Alisha and Michael Bier of Washington state had no worries yesterday as they soaked up the Hawaii sun at the pool deck of the Hyatt Regency Waikiki Beach & Spa.
"There’s an ice storm back home," Michael Bier said. "We can’t complain."
The couple said they took advantage of low prices to book a two-week "babymoon" — their baby is due April 30 — through Costco. The entire trip including direct round-trip airfare as well as hotel rooms with views and rental cars on Oahu and Maui and upgrades such as resort credits and spa discounts cost them $4,100 or less than $300 a day.
"We had our heart set on Hawaii so we didn’t really look at other destinations, but I think that we got a really good deal," said Alisha Bier.
Value-conscious tourists like the Biers helped push October visitor arrivals up by double digits, according to data released yesterday by the Hawaii Tourism Authority. Arrivals rose 13.6 percent, matching June for the largest percentage increase this year, to 574,425. All major markets contributed to the strong growth, with the U.S West leading with a 21.4 percent increase. Arrivals from Canada rose 17.2 percent, while the U.S. East rose 6.1 percent and Japan edged up 1.6 percent. Arrivals have risen every month this year, and through October are up 7.8 percent to just under 5.9 million. Spending also increased, surging 24.7 percent ahead of last year’s bleak fall period to $961.5 million. Expenditures in the first 10 months of this year rose 14.7 percent to $9.3 billion.
OPENING THEIR WALLETS
The monthly visitor expenditures of visitors to Hawaii and the percentage change from the year-ago period.
Source: Hawaii Tourism Authority
The number of visitors arriving in Hawaii by air in October with the percentage change from the same month last year:
* Includes ship arrivals Source: Hawaii Tourism Authority
The monthly total arrivals and percentage change in visitors to Hawaii.
Source: Hawaii Tourism Authority
"I love numbers like this; however, it’s mainly a volume recovery," said David Carey, president and chief executive officer of Outrigger Enterprises Group. "Even with the increases, spending is still well below peak levels."
To put it in perspective, three years ago when arrivals peaked at 7.4 million and spending hit a record $12.8 billion, tourists like the Biers could not have booked a Maui hotel room for just $300, Carey said. Value marketing drives sales now, he said.
"It’s a good-news, bad-news proposition," Carey said.
When tourists respond to Hawaii’s value, greater traffic means that hospitality workers have more job stability and hours, he said.
"Arrivals fill hotel rooms, shops and restaurants," Carey said.
Shopping was high on the list for Mariko Ishioka and Yuko Nakayama of Hiroshima, Japan, who kept UGG Australia retailer Mario Caceres busy pulling $150 boots yesterday.
"Prices here are much cheaper than in Japan," Ishioka said. "They are about half price."
While lower prices may have improved satisfaction levels for tourists, diners and shoppers, hoteliers have less cause for celebration, Carey said. More arrivals does not necessarily translate into better average daily room rates or revenue, he said.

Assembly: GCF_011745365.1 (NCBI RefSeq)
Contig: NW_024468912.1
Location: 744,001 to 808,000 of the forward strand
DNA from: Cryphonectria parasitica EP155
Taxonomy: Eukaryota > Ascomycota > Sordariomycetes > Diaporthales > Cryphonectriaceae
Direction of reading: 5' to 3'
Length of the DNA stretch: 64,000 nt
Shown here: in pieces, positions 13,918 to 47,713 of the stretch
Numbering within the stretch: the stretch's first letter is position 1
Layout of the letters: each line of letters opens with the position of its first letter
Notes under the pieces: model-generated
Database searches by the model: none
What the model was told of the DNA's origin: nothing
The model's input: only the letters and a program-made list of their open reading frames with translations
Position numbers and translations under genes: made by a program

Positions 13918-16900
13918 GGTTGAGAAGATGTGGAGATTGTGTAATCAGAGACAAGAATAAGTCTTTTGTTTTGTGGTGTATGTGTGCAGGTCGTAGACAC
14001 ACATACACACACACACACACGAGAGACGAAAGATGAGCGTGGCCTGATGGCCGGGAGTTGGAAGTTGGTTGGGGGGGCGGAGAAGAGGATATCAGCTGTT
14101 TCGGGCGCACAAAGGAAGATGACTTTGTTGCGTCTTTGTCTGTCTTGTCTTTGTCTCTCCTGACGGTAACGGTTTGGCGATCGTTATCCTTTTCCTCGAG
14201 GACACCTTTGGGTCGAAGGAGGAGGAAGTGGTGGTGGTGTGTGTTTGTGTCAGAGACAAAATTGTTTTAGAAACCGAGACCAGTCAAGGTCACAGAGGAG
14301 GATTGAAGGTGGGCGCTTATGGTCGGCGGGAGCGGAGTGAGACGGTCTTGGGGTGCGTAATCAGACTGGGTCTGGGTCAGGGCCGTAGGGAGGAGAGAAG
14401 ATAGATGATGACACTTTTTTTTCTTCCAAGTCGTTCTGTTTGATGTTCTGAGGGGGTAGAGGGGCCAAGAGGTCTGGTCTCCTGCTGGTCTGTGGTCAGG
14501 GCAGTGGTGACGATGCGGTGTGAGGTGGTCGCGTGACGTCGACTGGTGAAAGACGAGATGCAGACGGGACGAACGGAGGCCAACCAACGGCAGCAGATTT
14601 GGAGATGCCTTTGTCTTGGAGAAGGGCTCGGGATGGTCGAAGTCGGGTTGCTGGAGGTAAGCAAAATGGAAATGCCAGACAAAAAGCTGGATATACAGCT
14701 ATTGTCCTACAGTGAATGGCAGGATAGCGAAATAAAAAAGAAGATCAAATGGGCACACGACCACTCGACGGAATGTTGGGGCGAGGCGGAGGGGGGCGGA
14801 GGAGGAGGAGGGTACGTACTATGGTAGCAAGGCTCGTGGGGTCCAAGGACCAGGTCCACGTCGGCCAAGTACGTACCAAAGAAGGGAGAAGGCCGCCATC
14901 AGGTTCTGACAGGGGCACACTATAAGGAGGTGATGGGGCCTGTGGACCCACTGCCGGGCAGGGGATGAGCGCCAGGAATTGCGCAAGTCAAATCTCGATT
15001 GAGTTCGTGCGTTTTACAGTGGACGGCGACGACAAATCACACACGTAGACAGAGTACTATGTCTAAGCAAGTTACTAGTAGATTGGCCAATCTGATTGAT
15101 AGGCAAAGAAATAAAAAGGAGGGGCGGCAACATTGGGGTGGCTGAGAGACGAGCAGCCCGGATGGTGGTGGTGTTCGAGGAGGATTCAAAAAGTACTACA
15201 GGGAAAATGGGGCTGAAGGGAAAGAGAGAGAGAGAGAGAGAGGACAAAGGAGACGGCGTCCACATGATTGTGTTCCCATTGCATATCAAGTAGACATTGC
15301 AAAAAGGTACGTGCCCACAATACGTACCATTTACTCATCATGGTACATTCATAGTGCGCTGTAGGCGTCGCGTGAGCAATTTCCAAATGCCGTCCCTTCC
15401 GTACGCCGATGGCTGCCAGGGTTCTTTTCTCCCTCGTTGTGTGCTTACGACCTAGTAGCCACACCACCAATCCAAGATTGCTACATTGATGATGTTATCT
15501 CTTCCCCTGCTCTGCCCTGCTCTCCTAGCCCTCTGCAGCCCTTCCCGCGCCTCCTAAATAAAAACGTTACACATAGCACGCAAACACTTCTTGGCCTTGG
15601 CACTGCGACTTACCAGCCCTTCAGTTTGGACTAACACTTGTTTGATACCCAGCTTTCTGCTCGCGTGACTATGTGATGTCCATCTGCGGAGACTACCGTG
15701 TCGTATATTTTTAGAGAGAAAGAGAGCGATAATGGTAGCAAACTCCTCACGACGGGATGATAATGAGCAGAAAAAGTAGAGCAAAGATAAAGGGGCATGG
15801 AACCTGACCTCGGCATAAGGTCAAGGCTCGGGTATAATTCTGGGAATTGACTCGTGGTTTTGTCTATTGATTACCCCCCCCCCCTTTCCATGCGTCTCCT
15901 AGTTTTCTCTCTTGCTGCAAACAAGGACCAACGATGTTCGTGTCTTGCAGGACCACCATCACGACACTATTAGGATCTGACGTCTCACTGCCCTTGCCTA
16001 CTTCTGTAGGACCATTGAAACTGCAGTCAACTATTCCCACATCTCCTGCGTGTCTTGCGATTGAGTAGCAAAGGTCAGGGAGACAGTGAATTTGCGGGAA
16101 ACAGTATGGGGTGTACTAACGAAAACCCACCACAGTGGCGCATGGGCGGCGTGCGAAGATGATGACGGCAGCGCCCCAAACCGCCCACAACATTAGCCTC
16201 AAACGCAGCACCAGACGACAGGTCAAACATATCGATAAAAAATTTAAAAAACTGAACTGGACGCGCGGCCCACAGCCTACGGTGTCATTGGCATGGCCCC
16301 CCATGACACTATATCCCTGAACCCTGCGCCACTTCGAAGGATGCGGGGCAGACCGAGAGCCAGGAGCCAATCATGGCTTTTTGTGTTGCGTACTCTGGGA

"We’ve got more people and that’s good, but we’ve also got more expenses," Carey said. "Our margins are still being squeezed."
Rates are not likely to rise much until 2012, said David Lewin, general manger of the Hyatt Regency Waikiki.
With destinations like Mexico offering airfare and a week in a hotel for $300, it’s hard to push Hawaii visitors to spend more, Lewin said.
"(Mexico) is giving away their product," he said.
The fact that tourists are still choosing Hawaii shows the strength of the brand, said Keith Vieira, senior vice president and director of operations for Starwood Hotels & Resorts in Hawaii and French Polynesia.
"Other destinations are significantly worse," Vieira said.
While Hawaii hotels pushed rates up during the higher-occupancy months of summer and during conventions, the rises have not been sustainable, he said.
Still, October’s results were cause for "cautious optimism," said Mike McCartney, tourism authority president and chief executive officer.
"There is no doubt that we are in a solid position, especially compared to other markets that are not rebounding at the same pace as Hawaii," McCartney said. "Nevertheless, strengthening Hawaii’s tourism economy remains our top priority because, as we all know, tourism can be the main driver of economic recovery for the entire state."
McCartney’s sentiments were echoed in the twice-yearly Business Outlook and Sentiment Survey (BOSS) released yesterday by Qmark Research and Hawaii Business Magazine.
The 400 Hawaii business leaders polled from Oct. 12 to 20 were the most optimistic they’ve been about the state’s economy since 2007. As many as 103 of those surveyed worked in tourism.
The BOSS Optimism Index, which measures how positively business leaders view next year’s state economy, jumped 9 points from April of 2010.
Survey results indicated that tourism companies are expected to lead Hawaii’s recovery, said Barbara Ankersmit, Qmark’s president. About half the businesses anticipate visitor spending at their company will go up next year, she said.
"Things are getting better but we aren’t there yet," Ankersmit said. "It’s not the time to cheer."